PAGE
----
Term Life Insurance With Living Benefits (Quotes, Comparison, & More)

Term life insurance with living benefits can keep you from going broke by paying out for long-term care and medical bills. Affordable term life insurance policies with living benefits don’t have to be hard to find. They're offered as an additional rider in most cases.

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Rachael Brennan has been working in the insurance industry since 2006 when she began working as a licensed insurance representative for 21st Century Insurance, during which time she earned her Property and Casualty license in all 50 states. After several years she expanded her insurance expertise, earning her license in Health and AD&D insurance as well. She has worked for small health in...

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Written by Rachael Brennan
Licensed Insurance Agent Rachael Brennan

Benjamin Carr was a licensed insurance agent in Georgia and has two years' experience in life, health, property and casualty coverage. He has worked with State Farm and other risk management firms. He is also a strategic writer and editor with a background in branding, marketing, and quality assurance. He has been in military newsrooms — literally on the frontline of journalism.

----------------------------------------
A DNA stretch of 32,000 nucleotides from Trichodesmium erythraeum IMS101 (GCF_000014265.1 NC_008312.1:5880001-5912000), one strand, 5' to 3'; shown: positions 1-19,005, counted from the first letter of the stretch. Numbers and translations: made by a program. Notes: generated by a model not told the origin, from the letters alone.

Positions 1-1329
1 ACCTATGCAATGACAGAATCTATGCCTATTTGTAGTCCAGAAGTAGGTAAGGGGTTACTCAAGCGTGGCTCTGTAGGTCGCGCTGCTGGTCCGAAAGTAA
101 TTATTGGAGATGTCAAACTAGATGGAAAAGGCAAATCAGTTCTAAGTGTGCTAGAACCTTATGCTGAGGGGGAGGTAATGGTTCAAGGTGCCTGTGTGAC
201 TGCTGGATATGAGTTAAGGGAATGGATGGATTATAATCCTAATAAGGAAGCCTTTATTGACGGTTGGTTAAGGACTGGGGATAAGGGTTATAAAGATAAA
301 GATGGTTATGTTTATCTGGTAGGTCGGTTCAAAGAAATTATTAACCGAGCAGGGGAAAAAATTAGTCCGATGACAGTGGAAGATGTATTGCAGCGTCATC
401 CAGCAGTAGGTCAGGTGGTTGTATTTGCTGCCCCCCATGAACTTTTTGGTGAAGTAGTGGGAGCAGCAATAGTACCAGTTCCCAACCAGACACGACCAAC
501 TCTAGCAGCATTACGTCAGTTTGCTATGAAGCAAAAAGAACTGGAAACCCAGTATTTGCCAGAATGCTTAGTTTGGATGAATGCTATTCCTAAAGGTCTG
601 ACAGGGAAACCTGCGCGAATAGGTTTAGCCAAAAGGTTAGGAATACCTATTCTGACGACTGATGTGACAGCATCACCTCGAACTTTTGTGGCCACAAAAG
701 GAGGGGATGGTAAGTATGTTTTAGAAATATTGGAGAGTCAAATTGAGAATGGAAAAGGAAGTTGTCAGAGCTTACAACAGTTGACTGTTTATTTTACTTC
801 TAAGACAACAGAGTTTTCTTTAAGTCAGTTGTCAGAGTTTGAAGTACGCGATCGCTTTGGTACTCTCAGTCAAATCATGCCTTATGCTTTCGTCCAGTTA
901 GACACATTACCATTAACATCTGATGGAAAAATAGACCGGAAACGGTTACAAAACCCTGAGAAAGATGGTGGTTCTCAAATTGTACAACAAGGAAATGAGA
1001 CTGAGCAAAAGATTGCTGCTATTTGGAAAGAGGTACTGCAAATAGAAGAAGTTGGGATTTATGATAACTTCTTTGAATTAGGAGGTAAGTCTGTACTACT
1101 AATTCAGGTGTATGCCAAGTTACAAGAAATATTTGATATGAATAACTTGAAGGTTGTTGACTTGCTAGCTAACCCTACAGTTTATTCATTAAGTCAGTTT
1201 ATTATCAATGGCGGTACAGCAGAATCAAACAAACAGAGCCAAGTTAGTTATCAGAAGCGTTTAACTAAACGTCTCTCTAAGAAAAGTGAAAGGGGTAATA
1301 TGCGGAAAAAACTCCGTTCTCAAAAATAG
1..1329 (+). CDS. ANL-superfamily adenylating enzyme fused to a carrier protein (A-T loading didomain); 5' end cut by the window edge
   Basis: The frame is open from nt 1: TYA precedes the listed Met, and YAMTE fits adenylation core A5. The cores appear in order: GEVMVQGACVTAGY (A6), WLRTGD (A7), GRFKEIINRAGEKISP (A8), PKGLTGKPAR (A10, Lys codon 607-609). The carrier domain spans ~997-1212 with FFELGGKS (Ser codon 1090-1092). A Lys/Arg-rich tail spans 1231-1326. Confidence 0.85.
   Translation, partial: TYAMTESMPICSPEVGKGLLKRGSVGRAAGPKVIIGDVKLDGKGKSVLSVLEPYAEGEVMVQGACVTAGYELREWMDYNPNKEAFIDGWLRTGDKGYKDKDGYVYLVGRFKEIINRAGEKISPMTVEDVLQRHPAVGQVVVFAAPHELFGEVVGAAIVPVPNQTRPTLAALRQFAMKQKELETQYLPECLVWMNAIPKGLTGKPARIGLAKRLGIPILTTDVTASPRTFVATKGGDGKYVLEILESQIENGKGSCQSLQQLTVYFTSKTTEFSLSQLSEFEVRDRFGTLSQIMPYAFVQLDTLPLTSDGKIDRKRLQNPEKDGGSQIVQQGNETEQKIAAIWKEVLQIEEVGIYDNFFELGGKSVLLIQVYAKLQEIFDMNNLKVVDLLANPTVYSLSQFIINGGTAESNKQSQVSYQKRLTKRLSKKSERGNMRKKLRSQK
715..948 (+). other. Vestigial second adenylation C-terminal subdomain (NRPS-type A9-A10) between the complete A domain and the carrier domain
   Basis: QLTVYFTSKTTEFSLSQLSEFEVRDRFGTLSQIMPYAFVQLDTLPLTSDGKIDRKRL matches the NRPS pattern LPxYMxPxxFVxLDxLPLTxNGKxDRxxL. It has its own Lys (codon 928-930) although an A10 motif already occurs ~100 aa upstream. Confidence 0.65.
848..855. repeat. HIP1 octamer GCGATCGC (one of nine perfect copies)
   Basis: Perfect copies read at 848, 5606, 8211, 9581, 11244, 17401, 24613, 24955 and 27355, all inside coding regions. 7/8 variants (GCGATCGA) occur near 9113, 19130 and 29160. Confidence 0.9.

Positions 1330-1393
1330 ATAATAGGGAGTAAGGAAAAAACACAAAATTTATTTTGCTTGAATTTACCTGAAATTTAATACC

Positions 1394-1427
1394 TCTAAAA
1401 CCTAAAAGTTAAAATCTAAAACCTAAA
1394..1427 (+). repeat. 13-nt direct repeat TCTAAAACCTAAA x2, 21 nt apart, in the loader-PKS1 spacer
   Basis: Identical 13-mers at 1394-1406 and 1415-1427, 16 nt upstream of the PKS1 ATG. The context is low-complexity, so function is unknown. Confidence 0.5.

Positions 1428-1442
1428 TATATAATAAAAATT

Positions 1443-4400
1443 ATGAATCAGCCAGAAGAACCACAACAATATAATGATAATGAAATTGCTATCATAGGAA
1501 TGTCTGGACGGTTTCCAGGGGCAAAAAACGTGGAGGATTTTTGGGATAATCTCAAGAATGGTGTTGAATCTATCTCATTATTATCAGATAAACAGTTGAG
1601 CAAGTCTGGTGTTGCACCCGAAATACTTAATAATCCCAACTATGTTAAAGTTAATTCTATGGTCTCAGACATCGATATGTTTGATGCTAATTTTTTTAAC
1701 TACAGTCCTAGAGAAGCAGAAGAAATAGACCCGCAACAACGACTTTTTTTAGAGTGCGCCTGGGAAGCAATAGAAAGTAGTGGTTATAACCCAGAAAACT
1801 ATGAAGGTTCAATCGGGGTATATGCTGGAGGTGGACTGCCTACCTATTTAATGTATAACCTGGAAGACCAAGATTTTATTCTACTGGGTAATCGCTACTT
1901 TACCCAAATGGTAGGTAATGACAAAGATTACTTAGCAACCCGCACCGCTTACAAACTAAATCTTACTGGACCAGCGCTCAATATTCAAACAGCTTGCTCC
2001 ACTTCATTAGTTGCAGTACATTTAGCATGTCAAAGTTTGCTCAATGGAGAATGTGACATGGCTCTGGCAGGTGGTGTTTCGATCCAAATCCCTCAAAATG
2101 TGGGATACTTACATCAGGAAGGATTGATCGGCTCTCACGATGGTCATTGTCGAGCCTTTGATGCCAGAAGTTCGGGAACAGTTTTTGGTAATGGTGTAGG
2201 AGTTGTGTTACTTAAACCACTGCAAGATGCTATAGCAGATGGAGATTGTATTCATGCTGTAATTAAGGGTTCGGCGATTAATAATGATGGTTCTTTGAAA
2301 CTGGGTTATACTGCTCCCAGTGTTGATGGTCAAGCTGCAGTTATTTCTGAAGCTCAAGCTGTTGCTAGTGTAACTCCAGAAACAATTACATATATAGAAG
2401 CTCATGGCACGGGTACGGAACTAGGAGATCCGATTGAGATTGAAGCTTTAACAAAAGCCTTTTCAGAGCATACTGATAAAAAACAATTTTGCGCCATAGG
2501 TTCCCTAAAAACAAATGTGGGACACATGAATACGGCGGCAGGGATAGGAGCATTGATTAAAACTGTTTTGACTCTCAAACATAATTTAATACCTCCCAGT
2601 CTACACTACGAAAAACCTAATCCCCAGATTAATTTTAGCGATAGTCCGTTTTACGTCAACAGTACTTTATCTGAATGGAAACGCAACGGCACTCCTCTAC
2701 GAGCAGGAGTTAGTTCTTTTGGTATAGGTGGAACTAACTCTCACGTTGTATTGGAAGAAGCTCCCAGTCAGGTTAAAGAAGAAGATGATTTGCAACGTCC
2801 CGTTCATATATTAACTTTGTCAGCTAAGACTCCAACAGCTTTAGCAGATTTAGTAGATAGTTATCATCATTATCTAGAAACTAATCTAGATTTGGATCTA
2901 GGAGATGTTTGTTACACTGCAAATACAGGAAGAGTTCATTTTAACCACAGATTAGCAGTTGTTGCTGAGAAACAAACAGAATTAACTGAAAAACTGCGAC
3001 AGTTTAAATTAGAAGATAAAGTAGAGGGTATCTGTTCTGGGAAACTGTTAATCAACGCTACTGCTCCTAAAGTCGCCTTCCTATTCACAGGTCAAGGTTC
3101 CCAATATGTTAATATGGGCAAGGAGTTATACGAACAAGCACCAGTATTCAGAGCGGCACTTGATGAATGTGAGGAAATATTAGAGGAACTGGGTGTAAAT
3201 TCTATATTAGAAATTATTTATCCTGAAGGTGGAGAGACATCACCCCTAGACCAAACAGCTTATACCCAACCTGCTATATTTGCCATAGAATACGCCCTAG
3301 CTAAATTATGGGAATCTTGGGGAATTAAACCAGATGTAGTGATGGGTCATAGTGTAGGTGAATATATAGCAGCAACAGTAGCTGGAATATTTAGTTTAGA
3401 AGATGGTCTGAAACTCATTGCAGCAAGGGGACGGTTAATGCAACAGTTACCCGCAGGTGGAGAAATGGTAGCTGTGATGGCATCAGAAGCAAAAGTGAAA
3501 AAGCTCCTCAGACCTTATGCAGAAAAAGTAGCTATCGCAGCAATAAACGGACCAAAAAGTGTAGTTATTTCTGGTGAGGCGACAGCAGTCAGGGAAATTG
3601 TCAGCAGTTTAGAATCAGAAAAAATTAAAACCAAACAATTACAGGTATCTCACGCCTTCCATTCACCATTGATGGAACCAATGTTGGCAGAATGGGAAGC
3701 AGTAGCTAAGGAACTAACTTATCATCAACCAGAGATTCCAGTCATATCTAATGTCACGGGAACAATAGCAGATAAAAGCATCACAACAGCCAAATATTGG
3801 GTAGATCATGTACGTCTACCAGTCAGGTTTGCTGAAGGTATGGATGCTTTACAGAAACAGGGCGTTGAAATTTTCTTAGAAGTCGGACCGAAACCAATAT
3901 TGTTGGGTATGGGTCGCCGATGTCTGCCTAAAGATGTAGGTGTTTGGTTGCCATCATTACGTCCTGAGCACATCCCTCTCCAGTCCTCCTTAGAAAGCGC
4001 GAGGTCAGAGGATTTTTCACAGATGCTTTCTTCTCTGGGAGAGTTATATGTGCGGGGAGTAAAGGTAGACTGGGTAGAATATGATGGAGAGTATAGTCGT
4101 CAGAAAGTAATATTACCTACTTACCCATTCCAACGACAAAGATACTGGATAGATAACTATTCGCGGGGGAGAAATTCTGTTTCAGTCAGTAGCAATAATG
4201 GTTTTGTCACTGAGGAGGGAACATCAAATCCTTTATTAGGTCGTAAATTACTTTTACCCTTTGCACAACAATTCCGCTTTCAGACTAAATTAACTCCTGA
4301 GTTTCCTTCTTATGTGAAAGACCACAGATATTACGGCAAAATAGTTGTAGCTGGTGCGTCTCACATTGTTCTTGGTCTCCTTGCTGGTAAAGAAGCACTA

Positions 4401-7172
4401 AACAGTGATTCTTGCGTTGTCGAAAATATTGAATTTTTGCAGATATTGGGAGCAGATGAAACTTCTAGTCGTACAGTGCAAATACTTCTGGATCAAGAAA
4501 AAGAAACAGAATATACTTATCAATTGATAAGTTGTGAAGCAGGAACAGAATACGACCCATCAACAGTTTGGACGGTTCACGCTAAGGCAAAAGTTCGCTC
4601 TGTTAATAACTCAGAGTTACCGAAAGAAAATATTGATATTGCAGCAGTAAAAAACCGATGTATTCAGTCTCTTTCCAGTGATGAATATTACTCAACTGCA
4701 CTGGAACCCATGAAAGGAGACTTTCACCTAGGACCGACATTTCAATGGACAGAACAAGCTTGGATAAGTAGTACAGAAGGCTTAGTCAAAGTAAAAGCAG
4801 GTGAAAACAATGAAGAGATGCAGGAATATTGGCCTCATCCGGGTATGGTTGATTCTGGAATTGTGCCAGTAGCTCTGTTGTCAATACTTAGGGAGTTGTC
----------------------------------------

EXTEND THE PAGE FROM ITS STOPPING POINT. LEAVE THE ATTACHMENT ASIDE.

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Reviewed by Benji Carr
Former Licensed Life Insurance Agent Benji Carr

UPDATED: May 12, 2022

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Quick Facts

  • Term life insurance with living benefits offers you some standard life insurance benefits before you are deceased.
  • Term life insurance with living benefits is often referred to as accelerated death benefits.
  • Term life insurance with living benefits is usually offered as an optional rider.
  • Term life insurance with living benefits can often be included in your policy for a small increase in cost.
  • Receiving living benefits will not change your overall death benefit, just the timing in which the benefit is received.

There is no other form of insurance or a financial tool that provides the value you get from term life insurance with living benefits. It’s inexpensive, simple to maintain, and term life insurance quotes are easy to get.

We’re here to help walk you through finding the best term life insurance with living benefits, how to get the best rates, and more. Read our living benefits insurance review to get started.

Ready to start looking for quality term life insurance with living benefits quotes? You can then buy term life insurance with living benefits at the best rates. Read on to learn more about term insurance with living benefits now.

Table of Contents

What is life insurance with living benefits?

Term life insurance with living benefits (also known as an accelerated death benefit) is essential for financially protecting your loved ones, business, or estate.